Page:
SHBE has a helpful guide to walk you through reporting, from filing out the Notice of Intent, documenting a Written Education Plan, and completing the Annual Progress Report. For an overview, we the SHBE brochure explaining the process of filing and reporting.

Saskatchewan is a high-regulation province. The legal requirements are defined in The Education Act, The Home Based Education Regulations, and The Home Based Education Policy Manual. Acts and Regulations are quite broad and change very infrequently, so the policy manual outlines the practical consideration that govern the responsibilities of school divisions and home based educators. SHBE is very familiar with the Home Based Education Policy Manual, which outlines the content of the Written Education Plan and Annual Progress Report that must be filed with the Registration Authorities.

SHBE has worked hard to simplify the filing process by meeting regularly with the Ministry of Education and speaking with various school divisions. We speak with the ministry of education to find out what is their understanding of the policy manual and what instructions they provide to school divisions. We speak with school divisions to learn how they understand their role as registering authority, and to discuss any areas that are not clear. We speak with Home School Legal Defense Canada ( to better understand what are the minimum legal requirements to meet provincial regulations and policies. SHBE then uses this information to develop Written Education Plan and Annual Progress Report Templates.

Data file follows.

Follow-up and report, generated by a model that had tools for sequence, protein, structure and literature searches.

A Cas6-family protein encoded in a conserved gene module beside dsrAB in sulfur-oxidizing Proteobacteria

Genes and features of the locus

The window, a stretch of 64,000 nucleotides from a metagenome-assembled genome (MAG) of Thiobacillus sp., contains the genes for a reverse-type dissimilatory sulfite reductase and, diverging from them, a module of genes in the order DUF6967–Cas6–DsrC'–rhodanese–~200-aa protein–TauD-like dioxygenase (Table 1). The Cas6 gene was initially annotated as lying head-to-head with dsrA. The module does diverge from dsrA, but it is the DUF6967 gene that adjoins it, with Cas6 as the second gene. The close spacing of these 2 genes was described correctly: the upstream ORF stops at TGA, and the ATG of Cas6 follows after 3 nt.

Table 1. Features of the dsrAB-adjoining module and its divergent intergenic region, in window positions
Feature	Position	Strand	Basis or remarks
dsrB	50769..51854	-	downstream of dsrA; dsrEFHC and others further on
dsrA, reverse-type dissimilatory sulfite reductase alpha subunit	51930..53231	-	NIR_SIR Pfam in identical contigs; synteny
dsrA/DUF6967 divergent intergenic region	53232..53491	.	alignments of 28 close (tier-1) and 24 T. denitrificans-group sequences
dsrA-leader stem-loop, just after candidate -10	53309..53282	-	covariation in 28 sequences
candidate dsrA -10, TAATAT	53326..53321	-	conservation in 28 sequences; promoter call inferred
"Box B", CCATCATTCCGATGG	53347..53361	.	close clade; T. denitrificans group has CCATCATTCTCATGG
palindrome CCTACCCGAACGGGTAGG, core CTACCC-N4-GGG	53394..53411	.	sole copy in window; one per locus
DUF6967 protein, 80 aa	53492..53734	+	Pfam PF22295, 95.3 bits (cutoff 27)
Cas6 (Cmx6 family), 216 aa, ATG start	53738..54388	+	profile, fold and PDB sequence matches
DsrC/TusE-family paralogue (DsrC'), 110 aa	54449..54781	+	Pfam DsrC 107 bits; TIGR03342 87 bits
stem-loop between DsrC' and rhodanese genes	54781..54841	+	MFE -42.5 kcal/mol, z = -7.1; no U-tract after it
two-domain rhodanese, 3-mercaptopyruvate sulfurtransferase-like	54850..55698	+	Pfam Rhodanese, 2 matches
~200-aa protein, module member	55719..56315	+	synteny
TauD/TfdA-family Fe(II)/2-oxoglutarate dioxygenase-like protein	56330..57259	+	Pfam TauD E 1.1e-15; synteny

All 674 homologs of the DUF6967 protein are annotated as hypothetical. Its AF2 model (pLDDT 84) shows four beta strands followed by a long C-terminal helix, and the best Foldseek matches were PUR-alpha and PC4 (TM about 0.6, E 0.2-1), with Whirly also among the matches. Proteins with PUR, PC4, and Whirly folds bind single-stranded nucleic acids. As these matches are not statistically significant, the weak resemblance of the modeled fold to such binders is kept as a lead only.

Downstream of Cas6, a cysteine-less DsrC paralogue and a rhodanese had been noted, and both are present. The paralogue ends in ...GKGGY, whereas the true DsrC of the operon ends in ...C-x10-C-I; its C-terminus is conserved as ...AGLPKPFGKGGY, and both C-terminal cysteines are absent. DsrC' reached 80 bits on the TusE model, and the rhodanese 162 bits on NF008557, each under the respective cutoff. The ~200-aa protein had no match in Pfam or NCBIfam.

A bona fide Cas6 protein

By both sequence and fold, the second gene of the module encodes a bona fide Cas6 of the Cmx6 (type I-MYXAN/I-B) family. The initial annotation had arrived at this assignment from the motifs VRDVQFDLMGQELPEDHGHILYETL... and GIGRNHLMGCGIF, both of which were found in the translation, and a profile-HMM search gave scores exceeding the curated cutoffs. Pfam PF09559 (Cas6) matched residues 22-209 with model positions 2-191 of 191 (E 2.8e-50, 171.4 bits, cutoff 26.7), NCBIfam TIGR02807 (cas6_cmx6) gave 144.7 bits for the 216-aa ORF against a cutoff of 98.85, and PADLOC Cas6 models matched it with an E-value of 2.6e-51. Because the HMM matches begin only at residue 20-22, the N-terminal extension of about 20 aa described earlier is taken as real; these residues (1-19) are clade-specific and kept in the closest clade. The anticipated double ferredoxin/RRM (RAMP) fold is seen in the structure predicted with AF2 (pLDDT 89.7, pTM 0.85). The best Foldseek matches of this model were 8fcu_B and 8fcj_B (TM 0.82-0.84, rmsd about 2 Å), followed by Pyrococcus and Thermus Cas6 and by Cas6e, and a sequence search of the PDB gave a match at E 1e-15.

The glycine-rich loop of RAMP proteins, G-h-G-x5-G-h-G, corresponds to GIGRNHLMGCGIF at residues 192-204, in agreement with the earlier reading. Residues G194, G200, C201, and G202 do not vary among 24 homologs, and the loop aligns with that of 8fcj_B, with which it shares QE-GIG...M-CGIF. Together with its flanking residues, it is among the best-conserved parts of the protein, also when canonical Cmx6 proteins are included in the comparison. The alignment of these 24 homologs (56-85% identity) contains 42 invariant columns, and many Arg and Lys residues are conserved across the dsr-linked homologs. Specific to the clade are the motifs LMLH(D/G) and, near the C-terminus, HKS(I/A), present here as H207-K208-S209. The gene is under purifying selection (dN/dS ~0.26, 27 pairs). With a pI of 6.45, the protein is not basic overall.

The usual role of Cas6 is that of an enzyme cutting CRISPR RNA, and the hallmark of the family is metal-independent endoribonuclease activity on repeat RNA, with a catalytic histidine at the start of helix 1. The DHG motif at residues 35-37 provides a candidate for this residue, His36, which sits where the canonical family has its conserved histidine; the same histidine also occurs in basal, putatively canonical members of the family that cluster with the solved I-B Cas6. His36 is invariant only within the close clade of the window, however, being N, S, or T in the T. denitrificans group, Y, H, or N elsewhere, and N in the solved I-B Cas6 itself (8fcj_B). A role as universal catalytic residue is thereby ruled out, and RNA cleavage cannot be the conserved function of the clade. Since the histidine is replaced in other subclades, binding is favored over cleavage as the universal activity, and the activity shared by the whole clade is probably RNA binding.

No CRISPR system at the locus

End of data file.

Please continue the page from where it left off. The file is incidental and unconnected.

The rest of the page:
Notice of Intent: You are required to notify the school division that you live in that you intend to register as a home based educator. This is done by filling out the form entitled Notice of Intent and Registration of a Home-based Education Program form.

Written Education Plan: There is no prescribed format required, but it must include: (1) a philosophical approach and positive reason for homeschooling; (2) three broad annual goals in language arts, social studies, math, and science; (3) the means of assessing and recording the educational progress (either “standardized test” or “portfolio of work”); (4) the services requested from the registering authority. SHBE has developed a template for the Written Education Plan that meets all regulatory requirements.